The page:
0.5 - 2.7

501 - 799

33.1 - 55.9

36.6 - 55.4

13.4 - 24.6

Tempranillo

208 ± 18

4.0 ± 0.1

4.6 ± 0.5

2.7 ± 0.7

497 ± 115

36.7 ± 6.3

40.6 ± 5.6

10.5 ± 2.8

178 - 234

3.9 - 4.2

3.9 - 5.9

1.6 - 4.0

355 - 726

29.7 - 49.8

32.3 - 51.0

8.0 - 16.4

Z - 430

Graciano

168 ± 24

3.4 ± 0.1

6.8 ± 0.7

1.8 ± 0.5

502 ± 81

40.8 ± 5.5

34.6 ± 5.5

15.0 ± 2.9

121 - 206

3.2 - 3.5

5.9 - 8.1

1.3 - 3.0

377 - 657

32.9 - 48.9

27.4 - 44.6

10.6 - 16.9

Tempranillo

205 ± 31

3.9 ± 0.1

5.2 ± 0.7

3.3 ± 0.7

458 ± 82

36.0 ± 5.0

30.8 ± 3.4

9.6 ± 2.3

157 - 282

3.7 - 4.0

4.3 - 6.6

2.3 - 4.4

397 - 600

28.0 - 42.8

23.4 - 37.9

5.6 - 12.9

Z - 565

Graciano

168 ± 31

3.4 ± 0.1

7.1 ± 1.1

2.5 ± 1.0

631 ± 108

49.4 ± 6.1

44.8 ± 6.1

21.3 ± 4.8

106 - 221

3.2 - 3.5

6.0 - 9.7

0.6 - 4.6

456 - 832

40.1 - 63.9

27.6 - 54.9

11.9 - 30.2

Tempranillo

238 ± 36

3.7 ± 0.1

5.6 ± 0.7

3.0 ± 0.8

473 ± 85

35.7 ± 6.3

49.8 ± 10.6

12.0 ± 2.5

179 - 301

3.4 - 3.9

4.1 - 7.9

1.5 - 4.9

365 - 641

26.8 - 45.6

33.3 - 70.3

6.9 - 18.9

Titratable acidity (AcT); malic acid (AcM), pH, anthocyanins (AntT); total polyphenol index (TPI) and colour intensity (CI).

The relationship between some grape parameters, such as AcT, AcM and AntT and the probable alcoholic degree during ripening for both varieties and the three locations is shown in Figure 4. It can be observed that the AcT, not only reached lower values in Tempranillo than in Graciano but they were reached faster. It can be observed, that the evolution of AcT with an increasing probable alcoholic degree for Tempranillo was smaller in the area located at lower elevation (Z-325) than in the other two zones, while for Graciano the differences were smaller, although the final AcT was much lower in that area where the probable alcoholic degree was higher (Figure 4a).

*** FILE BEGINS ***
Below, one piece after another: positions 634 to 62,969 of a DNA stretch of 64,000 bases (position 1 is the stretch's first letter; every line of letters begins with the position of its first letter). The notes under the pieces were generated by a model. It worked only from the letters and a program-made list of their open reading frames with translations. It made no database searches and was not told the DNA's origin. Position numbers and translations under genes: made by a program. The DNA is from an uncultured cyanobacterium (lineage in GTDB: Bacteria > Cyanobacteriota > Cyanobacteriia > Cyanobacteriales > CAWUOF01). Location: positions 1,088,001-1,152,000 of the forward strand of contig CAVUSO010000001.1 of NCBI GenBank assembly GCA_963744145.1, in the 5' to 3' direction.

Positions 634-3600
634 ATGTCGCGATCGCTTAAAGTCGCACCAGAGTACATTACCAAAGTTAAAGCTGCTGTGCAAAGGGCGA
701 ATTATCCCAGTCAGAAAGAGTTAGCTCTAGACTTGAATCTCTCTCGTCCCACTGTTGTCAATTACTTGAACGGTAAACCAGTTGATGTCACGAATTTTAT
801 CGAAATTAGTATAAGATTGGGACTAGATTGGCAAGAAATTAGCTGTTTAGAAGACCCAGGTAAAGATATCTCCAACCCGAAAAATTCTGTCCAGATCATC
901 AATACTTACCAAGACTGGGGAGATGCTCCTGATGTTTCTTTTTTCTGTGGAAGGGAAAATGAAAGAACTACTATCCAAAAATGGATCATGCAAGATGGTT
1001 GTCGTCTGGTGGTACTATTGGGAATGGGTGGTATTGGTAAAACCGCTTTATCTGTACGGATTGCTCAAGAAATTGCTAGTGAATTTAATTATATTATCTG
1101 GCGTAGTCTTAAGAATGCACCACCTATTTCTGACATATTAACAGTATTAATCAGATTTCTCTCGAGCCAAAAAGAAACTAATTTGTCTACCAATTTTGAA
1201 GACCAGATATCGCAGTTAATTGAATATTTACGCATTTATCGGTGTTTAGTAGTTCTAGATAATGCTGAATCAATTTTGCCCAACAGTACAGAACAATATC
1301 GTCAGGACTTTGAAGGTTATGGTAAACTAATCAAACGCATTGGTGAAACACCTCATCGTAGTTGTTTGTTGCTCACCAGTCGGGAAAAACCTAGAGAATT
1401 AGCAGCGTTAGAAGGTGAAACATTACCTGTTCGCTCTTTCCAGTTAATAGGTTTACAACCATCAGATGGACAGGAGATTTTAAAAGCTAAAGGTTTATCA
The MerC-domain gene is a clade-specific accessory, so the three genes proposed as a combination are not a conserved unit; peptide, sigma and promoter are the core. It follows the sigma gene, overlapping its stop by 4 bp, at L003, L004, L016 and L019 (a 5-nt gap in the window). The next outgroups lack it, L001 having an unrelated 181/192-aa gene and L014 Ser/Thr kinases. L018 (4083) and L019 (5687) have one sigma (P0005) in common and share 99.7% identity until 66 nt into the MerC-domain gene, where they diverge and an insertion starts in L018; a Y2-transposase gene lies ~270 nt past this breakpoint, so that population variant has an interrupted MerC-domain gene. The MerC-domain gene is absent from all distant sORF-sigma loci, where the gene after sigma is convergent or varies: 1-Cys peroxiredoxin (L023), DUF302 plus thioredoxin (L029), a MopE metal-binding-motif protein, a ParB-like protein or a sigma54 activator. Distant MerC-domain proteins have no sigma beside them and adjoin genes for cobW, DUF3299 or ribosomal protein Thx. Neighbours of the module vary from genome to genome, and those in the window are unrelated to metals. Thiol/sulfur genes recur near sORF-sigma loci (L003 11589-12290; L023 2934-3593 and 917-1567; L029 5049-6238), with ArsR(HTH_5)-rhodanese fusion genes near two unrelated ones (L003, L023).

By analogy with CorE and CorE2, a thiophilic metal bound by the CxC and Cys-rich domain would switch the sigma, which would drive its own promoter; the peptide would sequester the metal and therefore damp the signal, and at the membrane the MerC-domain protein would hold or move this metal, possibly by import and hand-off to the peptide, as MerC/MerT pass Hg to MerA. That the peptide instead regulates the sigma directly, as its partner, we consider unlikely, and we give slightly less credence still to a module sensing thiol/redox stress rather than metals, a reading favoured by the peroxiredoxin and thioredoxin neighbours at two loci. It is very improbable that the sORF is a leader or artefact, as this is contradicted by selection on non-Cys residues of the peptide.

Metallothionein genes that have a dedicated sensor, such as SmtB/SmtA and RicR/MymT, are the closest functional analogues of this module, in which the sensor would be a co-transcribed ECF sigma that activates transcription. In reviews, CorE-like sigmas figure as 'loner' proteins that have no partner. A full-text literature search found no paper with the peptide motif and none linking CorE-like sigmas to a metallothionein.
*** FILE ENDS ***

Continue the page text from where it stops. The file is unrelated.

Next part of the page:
For AcM, as it was previously commented, the values were higher for Tempranillo than for Graciano. For Tempranillo, there was higher variability in the AcM values reached for a given probable alcoholic degree and lesser differences were observed from the beginning to the end of the ripening period. For Graciano, a greater concentration range was recorded, with a similar evolution in the three zones but reaching smaller values at harvest in the zone located at lower elevations as the grapes were harvested with a higher probable alcoholic degree (Figure 4b).

For AntT, the increase in AntT with an increasing probable alcoholic degree was similar in the three areas for Tempranillo and similar to Graciano at the lowest elevation, but for that variety, the increase was greater in the other two zones, where higher anthocyanin concentrations were recorded at harvest (Figure 4c).

Figure 4. Evolution of a) titratable acidity (AcT), b) malic acid (AcM) and c) anthocyanins (AntT) with probable volumetric alcoholic degree (PVAD) for Tempranillo and Graciano in the three selected zones of the Rioja DOCa.

3. Relationship between grape composition and weather conditions

The differences in grape composition and its relationship with the weather conditions between years were analysed with the establishment of groups of a similar response. The cluster analysis performed on the grape composition at technical maturity recorded at each location allowed for the establishment of those groups. The classification of the years into groups are presented in Figure 5 and the centroids and the characteristics of the years included in each group are shown in Tables 2 and 3, for Graciano and Tempranillo, respectively.

Figure 5. Classification of years based on grape composition referring berry weight, AcT, AcM, anthocyanins, TPI and CI, recorded in the period 2008–2020, for Graciano and Tempranillo cultivated in three zones of Rioja DOCa located at different elevation.

Table 2. Centroids of the clusters obtained in year classification at the three analysed locations for Graciano and average climatic characteristics of the years included in each cluster.


Zone

Cluster

BW-100b

PVAD

AcT

pH

AcM

TPI

AntT

CI

 

Z-325

C1

179.6

14.0

6.5

3.6

2.2

44.8

682.5

20.9

C2

136.9

15.3

6.0

3.6

0.9

46.3

651.0

21.1

C3

156.2

15.1

4.6

3.8

1.4

54.3

710.9

20.4

C4

126.4

14.8

5.4

3.6

1.1

46.0

558.7

16.3

P-ETc
BB-BL

P-ETc
BL-V

P-ETc
V-H

Tmax
BB-BL

Tmax
BL-V

Tmax
V-H

Tmin
BB-BL